JACKSON HOLE, WYO – Taking a stand for something you believe in takes guts, and these students have what it takes! Jennifer Marlar’s 7th graders at Jackson Hole Middle School were asked to tackle a problem in the world today and speak out for their Quarter 4 “Combat the Silence” project.
One component of the project asked students to put themselves out there and to take a risk in order to go out into the community and raise awareness for their problem of choice. This was called their “Guts Factor” and these are some of the highlights:
Combating the Silence through Fundraising
Maddy Meyer, Kyra Waldron and Elizabeth Hampton made a difference and fought to end kill shelters in the United States by putting on a dog wash outside of Pet Place Plus that turned out 13 squeaky clean four-legged fur babies! The group raised a grand total of $217 and donated 100% of the profits to Dog is my Copilot, Inc. (DIMC),which has saved thousands of animals’ lives.
DIMC was created in 2012 by a doctor in Wyoming and a lawyer in Arizona. Peter Rork, MD and Judy Zimet, Esq. work with a supportive Board to fly animals from areas of the United States where they are not wanted, to areas of the United States where they are in demand.
Max Nava, Saul Ismaya-Hernandez and Julian Sosa (not pictured). These three braved the weather and offered car wash services to all teachers at JHMS through a Google form sign up. They charged a very affordable $10 for outside, and $15 for both internal and external cleaning, to raise awareness and funds for mental health. The money earned was donated to sponsor a child’s mental health summer services through Teton Behavior Therapy.
Aaron Huggins and Castle Gayton. These incredible student-athletes held a “Hoop-A-Thon” and took pledges to help students commit to not drinking alcohol underage. They went around the community asking for pledges as to how many 3-pointers they could score in a minute. All proceeds collected went to the Prevention Management Organization of Wyoming.
Abby Gava was heartbroken after finding out that her grandfather had been battling Type 1 Diabetes for the last 30 years, and she wanted to do something to help him and other like him find an easier way to manage their lives with the life threatening disease. She decided to put her talents to work and created handmade bracelets and hair ties to sell and she raised a whopping $217 to donate to American Diabetes Association to help find a cure for Type 1 Diabetes.
Kayson Jones and Kaleb Kunde. Fed up with the stereotyping of skateboarders, these two die-hard skateboarders put on a “Kickflip-a-Thon” to raise awareness and funds for skateboarders in the community. They helped raise the status of skateboarders in Jackson Hole and raised money, which went to help support the Jackson Hole Ski and Snowboard Club.
Raising Awareness through Teaching Others
Trent Healy braved the crowds of tourists on Town Square to teach them about the injustices of animal abuse at SeaWorld. He created a poster with graphic images and information about the inhumane and horrific ways animals are being treated at SeaWorld.
McKaylee Harmon and Bella Gutierrez mustered up their courage and planned a lesson on the lack of girl’s education in Guder, Ethiopia to be taught in front of two different 6th grade classes.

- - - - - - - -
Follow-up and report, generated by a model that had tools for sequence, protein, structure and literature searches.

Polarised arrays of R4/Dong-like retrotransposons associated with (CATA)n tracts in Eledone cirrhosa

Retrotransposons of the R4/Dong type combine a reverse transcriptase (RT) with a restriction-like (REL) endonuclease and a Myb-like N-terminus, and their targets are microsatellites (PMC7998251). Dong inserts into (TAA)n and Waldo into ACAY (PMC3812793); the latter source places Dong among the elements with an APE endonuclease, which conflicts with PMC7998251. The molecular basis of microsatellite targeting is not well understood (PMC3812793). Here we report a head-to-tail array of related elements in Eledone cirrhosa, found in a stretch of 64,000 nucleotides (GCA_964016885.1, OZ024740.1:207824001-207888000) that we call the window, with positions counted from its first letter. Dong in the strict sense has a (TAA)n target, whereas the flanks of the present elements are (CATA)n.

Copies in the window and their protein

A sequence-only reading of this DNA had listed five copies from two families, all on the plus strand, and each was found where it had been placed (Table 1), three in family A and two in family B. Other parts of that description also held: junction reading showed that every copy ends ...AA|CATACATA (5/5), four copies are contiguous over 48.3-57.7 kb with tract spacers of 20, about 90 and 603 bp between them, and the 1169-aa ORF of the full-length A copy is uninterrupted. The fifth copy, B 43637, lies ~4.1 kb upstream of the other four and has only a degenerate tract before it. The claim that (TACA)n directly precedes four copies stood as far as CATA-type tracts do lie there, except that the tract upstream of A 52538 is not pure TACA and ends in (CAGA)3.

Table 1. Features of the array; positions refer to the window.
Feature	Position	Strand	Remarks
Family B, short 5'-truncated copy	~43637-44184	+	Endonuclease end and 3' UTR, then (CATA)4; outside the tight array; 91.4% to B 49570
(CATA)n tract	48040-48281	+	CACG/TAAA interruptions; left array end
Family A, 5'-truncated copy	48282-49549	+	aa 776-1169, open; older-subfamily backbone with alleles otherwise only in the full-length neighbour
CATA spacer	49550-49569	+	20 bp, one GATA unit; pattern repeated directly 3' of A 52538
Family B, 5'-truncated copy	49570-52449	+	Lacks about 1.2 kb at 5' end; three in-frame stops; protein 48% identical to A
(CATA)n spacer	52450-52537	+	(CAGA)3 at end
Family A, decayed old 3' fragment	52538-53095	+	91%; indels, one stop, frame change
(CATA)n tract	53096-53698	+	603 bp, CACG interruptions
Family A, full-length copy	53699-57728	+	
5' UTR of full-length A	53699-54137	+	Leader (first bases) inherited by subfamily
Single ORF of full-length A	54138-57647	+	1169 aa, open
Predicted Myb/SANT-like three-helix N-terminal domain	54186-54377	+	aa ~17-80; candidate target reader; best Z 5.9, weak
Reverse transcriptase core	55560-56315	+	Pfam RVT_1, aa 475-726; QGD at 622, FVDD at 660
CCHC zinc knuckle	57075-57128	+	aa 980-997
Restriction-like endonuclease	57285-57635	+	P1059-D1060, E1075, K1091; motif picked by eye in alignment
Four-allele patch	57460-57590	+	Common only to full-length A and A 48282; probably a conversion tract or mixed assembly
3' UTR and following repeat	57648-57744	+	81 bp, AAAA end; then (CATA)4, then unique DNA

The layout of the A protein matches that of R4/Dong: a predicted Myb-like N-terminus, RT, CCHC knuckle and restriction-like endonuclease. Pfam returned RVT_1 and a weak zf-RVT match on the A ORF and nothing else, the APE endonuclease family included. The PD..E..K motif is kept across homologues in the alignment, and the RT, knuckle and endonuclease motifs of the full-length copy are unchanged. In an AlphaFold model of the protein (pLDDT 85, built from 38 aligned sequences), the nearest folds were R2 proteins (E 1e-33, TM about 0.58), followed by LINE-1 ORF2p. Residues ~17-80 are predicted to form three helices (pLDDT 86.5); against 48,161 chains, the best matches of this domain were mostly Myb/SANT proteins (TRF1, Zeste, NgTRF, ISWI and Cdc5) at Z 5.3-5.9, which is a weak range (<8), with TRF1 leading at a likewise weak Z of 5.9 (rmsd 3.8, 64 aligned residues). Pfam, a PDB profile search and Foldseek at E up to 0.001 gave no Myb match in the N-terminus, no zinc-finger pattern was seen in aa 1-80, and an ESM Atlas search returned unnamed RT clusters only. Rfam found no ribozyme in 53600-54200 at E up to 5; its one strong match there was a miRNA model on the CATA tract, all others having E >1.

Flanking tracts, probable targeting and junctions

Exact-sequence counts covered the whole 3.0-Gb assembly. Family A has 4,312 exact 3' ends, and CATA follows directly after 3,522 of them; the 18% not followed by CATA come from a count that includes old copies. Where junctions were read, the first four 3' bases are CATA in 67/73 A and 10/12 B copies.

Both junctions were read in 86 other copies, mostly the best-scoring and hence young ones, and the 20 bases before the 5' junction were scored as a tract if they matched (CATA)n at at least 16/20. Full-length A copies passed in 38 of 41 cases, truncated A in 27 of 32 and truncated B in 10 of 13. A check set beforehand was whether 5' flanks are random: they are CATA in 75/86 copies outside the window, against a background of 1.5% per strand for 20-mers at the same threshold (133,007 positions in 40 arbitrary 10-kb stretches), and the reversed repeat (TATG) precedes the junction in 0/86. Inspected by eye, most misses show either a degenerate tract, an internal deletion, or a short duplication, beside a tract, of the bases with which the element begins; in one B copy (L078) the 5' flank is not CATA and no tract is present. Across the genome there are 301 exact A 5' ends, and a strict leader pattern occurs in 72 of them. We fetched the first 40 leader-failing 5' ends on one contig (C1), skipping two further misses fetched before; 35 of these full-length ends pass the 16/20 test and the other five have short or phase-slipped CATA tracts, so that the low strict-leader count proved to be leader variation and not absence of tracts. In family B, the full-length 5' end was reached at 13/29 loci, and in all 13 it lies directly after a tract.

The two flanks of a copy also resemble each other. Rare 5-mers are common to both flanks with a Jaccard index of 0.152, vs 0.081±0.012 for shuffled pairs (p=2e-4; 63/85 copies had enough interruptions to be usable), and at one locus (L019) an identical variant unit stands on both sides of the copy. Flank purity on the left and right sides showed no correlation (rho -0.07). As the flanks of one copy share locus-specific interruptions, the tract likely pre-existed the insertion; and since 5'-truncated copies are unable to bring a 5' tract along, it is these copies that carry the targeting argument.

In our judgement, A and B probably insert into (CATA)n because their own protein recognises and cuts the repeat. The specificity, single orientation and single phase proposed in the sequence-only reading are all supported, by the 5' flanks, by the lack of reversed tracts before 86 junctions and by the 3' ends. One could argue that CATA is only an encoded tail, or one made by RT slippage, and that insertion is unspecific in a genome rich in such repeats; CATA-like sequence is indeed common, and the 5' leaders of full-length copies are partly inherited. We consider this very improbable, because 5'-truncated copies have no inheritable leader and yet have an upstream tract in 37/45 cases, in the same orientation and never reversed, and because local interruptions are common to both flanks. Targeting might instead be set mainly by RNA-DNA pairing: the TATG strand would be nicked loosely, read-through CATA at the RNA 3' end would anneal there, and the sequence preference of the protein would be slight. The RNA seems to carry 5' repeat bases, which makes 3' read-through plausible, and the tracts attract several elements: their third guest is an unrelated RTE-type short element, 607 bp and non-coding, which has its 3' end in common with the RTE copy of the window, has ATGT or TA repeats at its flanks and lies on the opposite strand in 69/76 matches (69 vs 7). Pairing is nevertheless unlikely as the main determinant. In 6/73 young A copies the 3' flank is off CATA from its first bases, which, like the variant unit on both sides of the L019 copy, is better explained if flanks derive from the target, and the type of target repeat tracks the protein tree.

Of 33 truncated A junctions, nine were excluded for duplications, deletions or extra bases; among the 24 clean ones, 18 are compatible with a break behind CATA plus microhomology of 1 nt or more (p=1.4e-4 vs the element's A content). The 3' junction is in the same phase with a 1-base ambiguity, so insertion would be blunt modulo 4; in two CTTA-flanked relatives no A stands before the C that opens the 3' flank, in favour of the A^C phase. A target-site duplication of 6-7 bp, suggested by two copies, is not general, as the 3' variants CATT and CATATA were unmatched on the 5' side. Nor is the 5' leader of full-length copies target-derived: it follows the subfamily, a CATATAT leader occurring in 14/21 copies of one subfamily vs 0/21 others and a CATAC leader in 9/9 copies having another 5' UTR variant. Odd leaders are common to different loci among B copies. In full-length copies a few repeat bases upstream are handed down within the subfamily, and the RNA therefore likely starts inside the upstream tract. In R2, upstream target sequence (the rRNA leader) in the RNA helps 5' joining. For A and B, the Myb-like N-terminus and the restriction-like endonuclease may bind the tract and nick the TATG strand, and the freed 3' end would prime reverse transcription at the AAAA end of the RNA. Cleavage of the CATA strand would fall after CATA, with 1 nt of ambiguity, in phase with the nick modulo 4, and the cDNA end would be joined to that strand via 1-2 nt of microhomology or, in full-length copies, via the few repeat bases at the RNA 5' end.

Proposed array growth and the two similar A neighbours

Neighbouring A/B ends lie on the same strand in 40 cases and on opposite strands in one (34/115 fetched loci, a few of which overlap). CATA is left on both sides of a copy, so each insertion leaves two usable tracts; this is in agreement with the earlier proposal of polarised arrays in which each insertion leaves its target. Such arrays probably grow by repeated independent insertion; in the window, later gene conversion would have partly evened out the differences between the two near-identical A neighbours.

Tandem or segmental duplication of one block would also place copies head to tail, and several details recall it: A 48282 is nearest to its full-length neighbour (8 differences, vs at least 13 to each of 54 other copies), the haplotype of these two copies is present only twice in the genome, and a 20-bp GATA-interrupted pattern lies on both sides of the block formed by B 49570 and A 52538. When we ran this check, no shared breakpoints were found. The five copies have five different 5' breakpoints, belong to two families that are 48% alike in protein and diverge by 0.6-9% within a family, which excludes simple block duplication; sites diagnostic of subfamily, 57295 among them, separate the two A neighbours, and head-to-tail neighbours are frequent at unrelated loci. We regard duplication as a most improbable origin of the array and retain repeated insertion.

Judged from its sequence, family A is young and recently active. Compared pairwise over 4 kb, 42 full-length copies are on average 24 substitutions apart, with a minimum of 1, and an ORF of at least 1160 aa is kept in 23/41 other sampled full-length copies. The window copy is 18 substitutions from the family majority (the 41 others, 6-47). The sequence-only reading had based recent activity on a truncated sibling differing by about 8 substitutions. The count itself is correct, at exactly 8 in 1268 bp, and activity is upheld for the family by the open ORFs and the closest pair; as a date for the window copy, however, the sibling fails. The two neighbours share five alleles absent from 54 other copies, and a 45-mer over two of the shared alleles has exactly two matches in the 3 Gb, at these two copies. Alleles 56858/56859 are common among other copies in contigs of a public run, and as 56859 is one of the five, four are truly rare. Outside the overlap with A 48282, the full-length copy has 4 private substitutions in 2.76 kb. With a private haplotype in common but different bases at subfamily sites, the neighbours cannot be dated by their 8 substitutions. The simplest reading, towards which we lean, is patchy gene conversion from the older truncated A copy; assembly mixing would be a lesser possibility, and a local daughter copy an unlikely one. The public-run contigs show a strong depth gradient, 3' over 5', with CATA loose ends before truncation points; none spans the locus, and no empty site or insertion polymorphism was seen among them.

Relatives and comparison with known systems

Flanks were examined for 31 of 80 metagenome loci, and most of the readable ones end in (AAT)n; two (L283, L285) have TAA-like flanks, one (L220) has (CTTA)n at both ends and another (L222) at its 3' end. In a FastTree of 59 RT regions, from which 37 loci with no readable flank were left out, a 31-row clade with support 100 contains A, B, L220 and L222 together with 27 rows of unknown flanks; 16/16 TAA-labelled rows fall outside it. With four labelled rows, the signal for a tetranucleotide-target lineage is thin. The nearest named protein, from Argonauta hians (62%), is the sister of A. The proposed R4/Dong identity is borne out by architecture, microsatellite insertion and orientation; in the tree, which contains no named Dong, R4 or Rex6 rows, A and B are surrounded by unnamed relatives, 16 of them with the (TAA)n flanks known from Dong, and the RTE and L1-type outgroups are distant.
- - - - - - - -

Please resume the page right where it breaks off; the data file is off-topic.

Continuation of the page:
But they didn’t stop there. They also wanted to fundraise to support the Tomorrow Come Foundation, which was “created to provide a safe home, to support a healthy life, and to foster growth through education for the children in and around New Hope Center for Children and Handicapped in Guder, Ethiopia.” They did this by setting up a Lemonade Stand and raised $208.
Bennett Balogh and Owen Janssen went around to different classrooms and gave a speech about horrific atrocities caused by gun violence in school shootings. They explained ideas how students can help improve the lives of peers. This is Ms. Jaselskis classroom in Jackson Middle School.
Spreading Awareness through Art and Performance
Jade Goodrich and Clara McGee. Inspired by Malala’s tragic story, these amazing girls wanted to spread awareness for the lack of girls’ education in Pakistan, so Jade and Clara created custom ordered stamp-printed t-shirts for anyone in the community to order.
Then, they sent out an invitation for everyone to wear them on the same day to spread awareness. But they didn’t stop there! They wanted to teach 5th graders in English and in Spanish about the importance of equality for all and taught two dual classes at Colter.
Marco Sosa. Thinking outside of the box and his own comfort zone, Marco felt one way to get the attention of his peers would be by wearing a skirt to school to start a conversation about bullying in middle school. He expected many students to tease him or ask him about the skirt which would then open the door to start the conversation about why bullying and judging people is wrong and hurtful and has horrific consequences.
Hatten Pike wrote a powerful and moving poem about the negative effects of extremism in this country and memorized it to present in front of his own Language Arts class.
Kai Hunter, Hanna Hatten, and Rye Webb. Following in the footsteps of Kia’s father, this trio pushed their physical limits by riding their bikes 24 miles starting at Rafter J all the way to Wilson and all the way back. They were raising money for “The Child’s Place Orphanage” in Mongolia.
Taylor and Avery set up a petition to ask people to sign that urges them to exercise 60 minutes and eat healthy for one today, also they educated them about obesity; including the negative effects of obesity, the causes of obesity, and the amount of people in the United States are obese. They also created handmade stickers that argue against obesity, the stickers say “Prevent Obesity, Eat Healthy.”
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